August 29, 2013  •  Leave a Comment
What a wonderful August we have just had and can you remember ever seeing so many beautiful peacock butterflies on your buddleia bushes?
Wild flowers have really done well this year, most birds have had a very good breeding season with so much food and insects about and now the fields are awash with more young finches buntings and wagtails than I have seen in a long time.
During the last couple of weeks I have noticed good numbers of sandpipers that are currently migrating south for the winter probing about in the creeks on my local salt marsh. Greenshank, common and green sandpipers as well as those new ‘pearls’ of the UK's waterways the little egrets. So white, looking like small white herons, common in the Med but not so many years ago extremely rare in the UK but last night I counted 34 of them going to roost in a nearby spinney. Climate change has certainly changed some of our bird populations and species.
I popped a hide up on the side of that creek and settled down for a couple of evenings to see what would turn up. Of course the first wader to show was the redshank, probably our commonest wader and guaranteed to be ‘on scene’ in any creek. As it came closer it bobbed its head up and down as they do, wondering what this big tent thing was that had suddenly appeared in its territory. It quickly relaxed and carried on feeding, seemingly sure now that my hide was ok. As the sun lowered the light took on that warm golden glow and a wood pigeon landed on the bank side, had a look around and came down for a drink. They may be a farmer’s pest but when seen in this quiet situation they are a very handsome bird. It looked up when it heard the shutter but seeing as the sound wasn’t followed by anything threatening it carried on drinking. Pretty soon I heard the familiar “peep peep” as a pair of green sand pipers dropped in. When they land they tend to hold their wings up in the air angel-fashion for just a second, I will catch this one day!
The green sandpipers were quickly followed by Common sandpipers and Greenshank with a flock of six little egrets landing some way down the creek but heading my way. Over the next two or three hours they all gave me some very nice photo opportunities and I think I will re-visit that creek again before this month is out.
Not everything in the countryside is doing so well though. East coast farmers are suffering the worst attack of ‘black grass’ in many years. This pernicious weed’s germination was delayed last autumn/winter because of those dreadful cold wet conditions that never seemed to end. They still hadn't properly germinated until after this year’s wheat crop was sown. Because black grass is a grass in the same way wheat is it could not be sprayed off without killing both and now things are so bad crop yields are going to suffer and losses are likely to be significant.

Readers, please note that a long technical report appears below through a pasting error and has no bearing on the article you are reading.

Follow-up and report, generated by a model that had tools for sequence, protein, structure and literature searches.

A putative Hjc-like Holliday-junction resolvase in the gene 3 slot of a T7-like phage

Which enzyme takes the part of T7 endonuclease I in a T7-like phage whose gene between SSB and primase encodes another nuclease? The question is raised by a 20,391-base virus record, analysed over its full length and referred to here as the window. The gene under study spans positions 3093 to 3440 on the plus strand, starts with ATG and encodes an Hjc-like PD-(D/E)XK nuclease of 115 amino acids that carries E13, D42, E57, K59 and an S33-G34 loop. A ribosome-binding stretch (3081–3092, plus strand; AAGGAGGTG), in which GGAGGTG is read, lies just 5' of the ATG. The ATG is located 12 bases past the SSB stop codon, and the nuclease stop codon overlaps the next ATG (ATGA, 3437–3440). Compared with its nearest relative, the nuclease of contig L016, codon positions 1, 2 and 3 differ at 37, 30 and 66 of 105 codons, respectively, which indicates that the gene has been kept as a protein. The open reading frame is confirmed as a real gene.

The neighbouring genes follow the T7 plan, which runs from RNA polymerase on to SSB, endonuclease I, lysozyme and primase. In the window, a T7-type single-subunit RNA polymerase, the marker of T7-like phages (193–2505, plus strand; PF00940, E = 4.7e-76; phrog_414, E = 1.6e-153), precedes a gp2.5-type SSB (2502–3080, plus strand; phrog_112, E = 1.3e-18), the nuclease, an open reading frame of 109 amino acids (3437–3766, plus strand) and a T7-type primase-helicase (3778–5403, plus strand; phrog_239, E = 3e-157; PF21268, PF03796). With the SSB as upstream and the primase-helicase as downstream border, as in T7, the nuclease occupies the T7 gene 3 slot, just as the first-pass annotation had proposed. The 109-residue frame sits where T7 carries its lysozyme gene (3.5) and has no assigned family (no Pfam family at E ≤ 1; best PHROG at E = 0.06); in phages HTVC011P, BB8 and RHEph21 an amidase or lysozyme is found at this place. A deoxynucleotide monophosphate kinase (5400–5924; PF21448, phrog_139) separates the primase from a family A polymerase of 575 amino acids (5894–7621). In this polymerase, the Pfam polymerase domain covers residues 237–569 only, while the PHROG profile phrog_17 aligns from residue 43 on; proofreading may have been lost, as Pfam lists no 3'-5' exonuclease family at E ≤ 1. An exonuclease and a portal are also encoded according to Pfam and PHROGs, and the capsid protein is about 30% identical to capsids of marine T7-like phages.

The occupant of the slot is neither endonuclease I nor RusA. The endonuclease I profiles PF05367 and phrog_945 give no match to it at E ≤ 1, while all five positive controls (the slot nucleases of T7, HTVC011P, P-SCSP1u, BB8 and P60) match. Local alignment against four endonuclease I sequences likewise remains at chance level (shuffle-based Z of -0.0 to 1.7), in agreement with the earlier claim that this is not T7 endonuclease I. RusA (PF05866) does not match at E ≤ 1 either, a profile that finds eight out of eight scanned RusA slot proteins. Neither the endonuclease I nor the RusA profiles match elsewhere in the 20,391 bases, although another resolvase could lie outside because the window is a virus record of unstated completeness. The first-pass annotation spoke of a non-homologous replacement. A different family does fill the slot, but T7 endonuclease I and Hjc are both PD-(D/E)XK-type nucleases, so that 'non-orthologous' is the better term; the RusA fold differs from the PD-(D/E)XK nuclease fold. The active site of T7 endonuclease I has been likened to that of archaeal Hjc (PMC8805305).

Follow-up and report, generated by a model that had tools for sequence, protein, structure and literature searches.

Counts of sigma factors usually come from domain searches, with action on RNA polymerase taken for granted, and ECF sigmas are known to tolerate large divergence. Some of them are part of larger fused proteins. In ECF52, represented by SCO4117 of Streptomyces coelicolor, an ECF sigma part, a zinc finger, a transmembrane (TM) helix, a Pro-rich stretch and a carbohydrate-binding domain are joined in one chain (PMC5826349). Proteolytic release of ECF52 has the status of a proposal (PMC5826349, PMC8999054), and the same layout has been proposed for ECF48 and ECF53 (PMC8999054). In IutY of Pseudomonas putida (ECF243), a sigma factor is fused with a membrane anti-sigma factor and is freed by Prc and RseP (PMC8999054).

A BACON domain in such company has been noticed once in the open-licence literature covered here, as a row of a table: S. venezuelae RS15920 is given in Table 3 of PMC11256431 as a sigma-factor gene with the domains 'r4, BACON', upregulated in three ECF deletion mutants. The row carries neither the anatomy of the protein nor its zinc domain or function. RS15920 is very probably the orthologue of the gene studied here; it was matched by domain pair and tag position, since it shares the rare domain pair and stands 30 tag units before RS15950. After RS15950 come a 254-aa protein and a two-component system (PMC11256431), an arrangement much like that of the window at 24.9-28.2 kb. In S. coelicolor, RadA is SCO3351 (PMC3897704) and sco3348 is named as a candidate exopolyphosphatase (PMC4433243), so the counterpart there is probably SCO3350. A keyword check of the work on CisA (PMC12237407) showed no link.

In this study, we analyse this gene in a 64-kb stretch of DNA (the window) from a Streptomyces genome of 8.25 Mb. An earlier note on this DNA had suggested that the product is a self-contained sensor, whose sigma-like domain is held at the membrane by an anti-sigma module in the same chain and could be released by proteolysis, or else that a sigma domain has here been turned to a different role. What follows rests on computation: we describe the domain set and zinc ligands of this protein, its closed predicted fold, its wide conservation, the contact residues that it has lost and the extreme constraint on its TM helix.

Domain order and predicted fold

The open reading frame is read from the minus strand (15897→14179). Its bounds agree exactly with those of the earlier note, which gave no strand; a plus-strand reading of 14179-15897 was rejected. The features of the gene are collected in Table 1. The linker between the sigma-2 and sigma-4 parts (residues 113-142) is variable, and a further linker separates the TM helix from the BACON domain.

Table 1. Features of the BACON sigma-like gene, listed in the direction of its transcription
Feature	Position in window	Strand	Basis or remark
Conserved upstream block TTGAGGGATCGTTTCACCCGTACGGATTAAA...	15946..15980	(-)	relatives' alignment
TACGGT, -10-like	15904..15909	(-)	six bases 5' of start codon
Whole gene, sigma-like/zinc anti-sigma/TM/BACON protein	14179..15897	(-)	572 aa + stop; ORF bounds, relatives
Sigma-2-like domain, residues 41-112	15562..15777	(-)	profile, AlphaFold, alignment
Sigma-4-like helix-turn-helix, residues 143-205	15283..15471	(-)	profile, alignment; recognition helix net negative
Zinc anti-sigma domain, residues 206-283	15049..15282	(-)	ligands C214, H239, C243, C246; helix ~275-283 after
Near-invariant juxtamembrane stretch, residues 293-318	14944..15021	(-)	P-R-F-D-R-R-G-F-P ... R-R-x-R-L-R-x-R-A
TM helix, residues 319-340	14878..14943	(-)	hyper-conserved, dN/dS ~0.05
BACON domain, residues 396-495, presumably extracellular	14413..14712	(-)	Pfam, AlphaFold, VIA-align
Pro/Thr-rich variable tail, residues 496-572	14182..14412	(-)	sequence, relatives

On a more nostalgic note I was watching the combine harvesters rapidly munching their way through the wheat and the barley and those lorries taking the grain away and my thoughts strayed to how quickly all this is done, how rapidly a field changes from gold to dark brown as some fields are ploughed while others are still waiting for the combine harvester, farmers of eighty years ago or so would not believe their eyes. 
It gave me an idea for a picture I fancied ‘creating’. I visited an old barn where I knew there were some old wooden Lincolnshire hay carts that still stand proud even among all the dust and cobwebs. I just needed a clear image of one of the carts, not so easy in the clutter of an old barn and then another image of a harvested wheat field with the intention of putting that old cart out on the fields again.
Well, here is that image, I hope you like it and along with this image I would like to share with you a poem called “Redundant” that was especially written about these very carts by an old friend, wonderful countryman/naturalist Mr Ron Baumber, sadly no longer with us.
Banished to cluttered cobwebbed sheds
Where raindrops leak their musty tears.
Last survivors of their kind,
Veterans of the yeomen years.

To see again those graceful lines,
Creations of the wheelwright’s trade.
Timber galleons of the land
In brightest liveries arrayed.

Down rutted lanes all overhung
With trailing briers clinging strand,
They’ve carried many creaking loads
through all the byways of the land.

Drawn through life by gentle giants,
Mighty shires or Clydesdale teams.
What memories of harvest home
Re-lived again in precious dreams.

But time will take its weary toll,
In darkened corners now they hide.
Disguised in scarred and faded paint,
These derelicts that once knew pride.




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